*irreducible infeasible subsystems*(IISes) and feasOpt() to find a “cheapest” relaxation of constraints and bounds that makes the model feasible. They also provide access to what is known as a

*Farkas certificate*.

Thanks to Bo Jensen, who reminded me about Farkas certificates in a comment yesterday. He also provided a link to MOSEK's description of them, which saves me quite a bit of typing. Farkas certificates draw their name from Farkas's lemma, a well-known result in linear programming theory. While it is possible for both a primal linear program and its dual to be infeasible, that condition is rare in practice. The (much) more common case is that an infeasible LP has an unbounded dual. In essence, a Farkas certificate is a recession direction for the dual problem. It's existence proves the infeasibility of the primal.

For infeasible LPs, CPLEX provides the IloCplex.dualFarkas() method to get a Farkas certificate. (As always, I'll stick to the Java API, but all the APIs should provide some version of this.) The method has two arguments used for returning results (and

*not*for providing inputs). One argument returns a list of primal constraints with non-zero dual values; the other vector holds the corresponding dual values.

Continuing yesterday's Java code (without repeating it), I'll start by constructing the new primal problem:

```
IloCplex primal = new IloCplex();
IloNumVar u = primal.numVar(0, Double.MAX_VALUE, "u");
IloNumVar v = primal.numVar(0, Double.MAX_VALUE, "v");
IloNumVar w = primal.numVar(0, Double.MAX_VALUE, "w");
IloNumVar[] vars = new IloNumVar[] {u, v, w};
primal.addMinimize(
primal.scalProd(new double[] {1.0, 1.0, -2.0}, vars));
IloConstraint c1 =
primal.addGe(
primal.scalProd(new double[] {1.0, -2.0, -1.0}, vars),
3.0);
IloConstraint c2 =
primal.addGe(
primal.scalProd(new double[] {-2.0, 1.0, -1.0}, vars),
2.0);
```

Since I cannot be sure which constraints dualFarkas will return, nor in what order, it will be handy to construct a map associating each constraint with the corresponding dual variable.

```
HashMap<IloConstraint, IloNumVar> map =
new HashMap<IloConstraint, IloNumVar>();
map.put(c1, x);
map.put(c2, y);
```

Now I turn off the presolver, solve the model, and verify that it is infeasible. (As was the case yesterday with an unbounded primal, fail to turn off the presolver will cause CPLEX to throw an exception when I try to access the Farkas certificate.) I also need to use the dual simplex algorithm; any other algorithm (primal simplex, barrier, ...) will cause CPLEX to throw an exception. There is no explicit statement in the code since CPLEX's default choice for algorithm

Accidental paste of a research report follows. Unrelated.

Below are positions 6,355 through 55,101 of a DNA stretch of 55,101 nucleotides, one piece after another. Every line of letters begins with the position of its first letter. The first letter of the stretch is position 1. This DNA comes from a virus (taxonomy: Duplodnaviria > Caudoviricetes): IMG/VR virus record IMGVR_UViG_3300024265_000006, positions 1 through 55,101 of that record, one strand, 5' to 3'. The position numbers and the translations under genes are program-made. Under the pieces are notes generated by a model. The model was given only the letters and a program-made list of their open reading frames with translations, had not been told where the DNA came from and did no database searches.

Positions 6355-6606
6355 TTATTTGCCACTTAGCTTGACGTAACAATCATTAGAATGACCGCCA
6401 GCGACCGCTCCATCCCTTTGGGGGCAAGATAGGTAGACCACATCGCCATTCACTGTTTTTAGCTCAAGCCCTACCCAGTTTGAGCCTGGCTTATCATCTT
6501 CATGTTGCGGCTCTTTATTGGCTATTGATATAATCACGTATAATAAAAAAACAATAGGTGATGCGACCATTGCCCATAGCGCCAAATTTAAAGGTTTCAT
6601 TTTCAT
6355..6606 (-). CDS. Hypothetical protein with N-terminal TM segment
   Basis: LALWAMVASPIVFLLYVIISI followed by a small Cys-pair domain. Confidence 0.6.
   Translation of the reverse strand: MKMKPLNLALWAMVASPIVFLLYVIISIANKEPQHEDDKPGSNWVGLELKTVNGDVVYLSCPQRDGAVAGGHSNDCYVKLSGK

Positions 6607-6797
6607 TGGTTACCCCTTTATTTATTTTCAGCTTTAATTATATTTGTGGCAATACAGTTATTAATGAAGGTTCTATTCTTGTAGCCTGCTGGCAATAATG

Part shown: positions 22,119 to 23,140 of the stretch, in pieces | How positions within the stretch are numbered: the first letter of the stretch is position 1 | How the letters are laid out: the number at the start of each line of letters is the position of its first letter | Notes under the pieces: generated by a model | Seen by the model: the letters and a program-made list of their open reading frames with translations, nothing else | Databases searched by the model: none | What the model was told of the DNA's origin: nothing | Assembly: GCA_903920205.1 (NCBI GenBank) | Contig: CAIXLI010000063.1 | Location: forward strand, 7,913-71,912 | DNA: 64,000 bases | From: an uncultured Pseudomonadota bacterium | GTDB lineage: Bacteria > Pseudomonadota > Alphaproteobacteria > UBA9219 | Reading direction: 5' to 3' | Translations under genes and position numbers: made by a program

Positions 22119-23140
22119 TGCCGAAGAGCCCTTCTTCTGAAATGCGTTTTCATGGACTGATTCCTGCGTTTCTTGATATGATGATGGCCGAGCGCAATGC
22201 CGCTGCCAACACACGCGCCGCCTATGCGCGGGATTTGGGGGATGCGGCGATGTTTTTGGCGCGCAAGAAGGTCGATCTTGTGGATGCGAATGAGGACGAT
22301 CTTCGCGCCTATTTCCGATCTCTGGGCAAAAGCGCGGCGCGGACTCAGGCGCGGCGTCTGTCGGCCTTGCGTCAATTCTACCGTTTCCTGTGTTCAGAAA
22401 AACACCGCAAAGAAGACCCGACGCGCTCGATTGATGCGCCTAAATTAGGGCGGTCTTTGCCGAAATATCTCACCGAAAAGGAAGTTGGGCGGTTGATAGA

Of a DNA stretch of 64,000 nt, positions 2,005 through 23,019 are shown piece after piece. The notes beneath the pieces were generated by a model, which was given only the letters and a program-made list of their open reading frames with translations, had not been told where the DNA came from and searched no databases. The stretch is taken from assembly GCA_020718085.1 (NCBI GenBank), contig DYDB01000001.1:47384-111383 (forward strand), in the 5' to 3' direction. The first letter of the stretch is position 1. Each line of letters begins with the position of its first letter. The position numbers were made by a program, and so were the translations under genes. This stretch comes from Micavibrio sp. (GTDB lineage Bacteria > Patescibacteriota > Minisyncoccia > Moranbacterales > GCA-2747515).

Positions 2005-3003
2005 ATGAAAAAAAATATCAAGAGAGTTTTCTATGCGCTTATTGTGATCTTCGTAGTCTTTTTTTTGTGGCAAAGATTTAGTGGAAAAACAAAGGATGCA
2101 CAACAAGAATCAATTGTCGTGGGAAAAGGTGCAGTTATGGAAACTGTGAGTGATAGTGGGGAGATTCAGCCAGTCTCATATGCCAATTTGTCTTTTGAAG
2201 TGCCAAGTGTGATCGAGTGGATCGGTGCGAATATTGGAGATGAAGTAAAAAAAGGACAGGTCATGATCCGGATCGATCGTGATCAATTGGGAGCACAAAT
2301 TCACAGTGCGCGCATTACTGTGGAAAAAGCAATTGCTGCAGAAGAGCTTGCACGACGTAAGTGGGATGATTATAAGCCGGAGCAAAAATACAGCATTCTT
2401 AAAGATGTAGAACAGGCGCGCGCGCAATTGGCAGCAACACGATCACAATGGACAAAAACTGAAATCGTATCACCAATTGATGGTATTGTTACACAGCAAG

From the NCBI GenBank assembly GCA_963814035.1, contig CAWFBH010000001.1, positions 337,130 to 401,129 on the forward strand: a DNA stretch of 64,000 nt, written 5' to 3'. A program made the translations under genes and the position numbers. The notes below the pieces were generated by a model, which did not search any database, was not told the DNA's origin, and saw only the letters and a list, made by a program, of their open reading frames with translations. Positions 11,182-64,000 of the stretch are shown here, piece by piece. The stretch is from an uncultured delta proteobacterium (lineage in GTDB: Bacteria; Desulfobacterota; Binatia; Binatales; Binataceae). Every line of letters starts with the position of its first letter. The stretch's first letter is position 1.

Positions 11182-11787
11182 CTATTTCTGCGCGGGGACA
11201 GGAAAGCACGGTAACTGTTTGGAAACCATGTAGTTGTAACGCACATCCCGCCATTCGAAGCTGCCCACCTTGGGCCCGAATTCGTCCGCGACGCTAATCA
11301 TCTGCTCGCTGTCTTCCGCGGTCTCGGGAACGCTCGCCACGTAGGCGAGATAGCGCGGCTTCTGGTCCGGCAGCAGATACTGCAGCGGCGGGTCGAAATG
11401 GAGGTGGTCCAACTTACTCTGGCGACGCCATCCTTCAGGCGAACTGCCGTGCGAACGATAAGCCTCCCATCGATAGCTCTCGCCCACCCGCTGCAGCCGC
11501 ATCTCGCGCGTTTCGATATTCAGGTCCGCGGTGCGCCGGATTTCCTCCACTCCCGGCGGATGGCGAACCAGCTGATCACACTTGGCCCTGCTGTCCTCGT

*on this problem*is dual simplex, but in general it should probably be specified just in case CPLEX prefers some other algorithm.

```
primal.setParam(IloCplex.BooleanParam.PreInd, false);
primal.solve();
System.out.println("CPLEX status: "
+ primal.getCplexStatus());
```

The next step is to access the Farkas certificate:

```
IloRange[] farkasConstraints = new IloRange[2];
double[] farkasValues = new double[2];
primal.dualFarkas(farkasConstraints, farkasValues);
System.out.print("Farkas certificate:");
for (int i = 0; i < 2; i++) {
System.out.print("\t" + map.get(farkasConstraints[i])
+ " -> " + farkasValues[i]);
}
System.out.println("");
```

To find the vertex at which it is anchored, I can access the last feasible dual solution obtained before CPLEX stopped.

```
double[] q = primal.getDuals(farkasConstraints);
System.out.print("Dual vertex:");
for (int i = 0; i < 2; i++) {
System.out.print("\t" + map.get(farkasConstraints[i])
+ " -> " + q[i]);
}
System.out.println("");
```

I still have one concern. The definition of a Farkas certificate only guarantees a recession direction for the dual; it does not need to be an extreme dual direction to qualify as a Farkas certificate. I suspect, but do not know with certainty, that the mechanism by which solvers select a Farkas certificate will consistently lead to an extreme direction.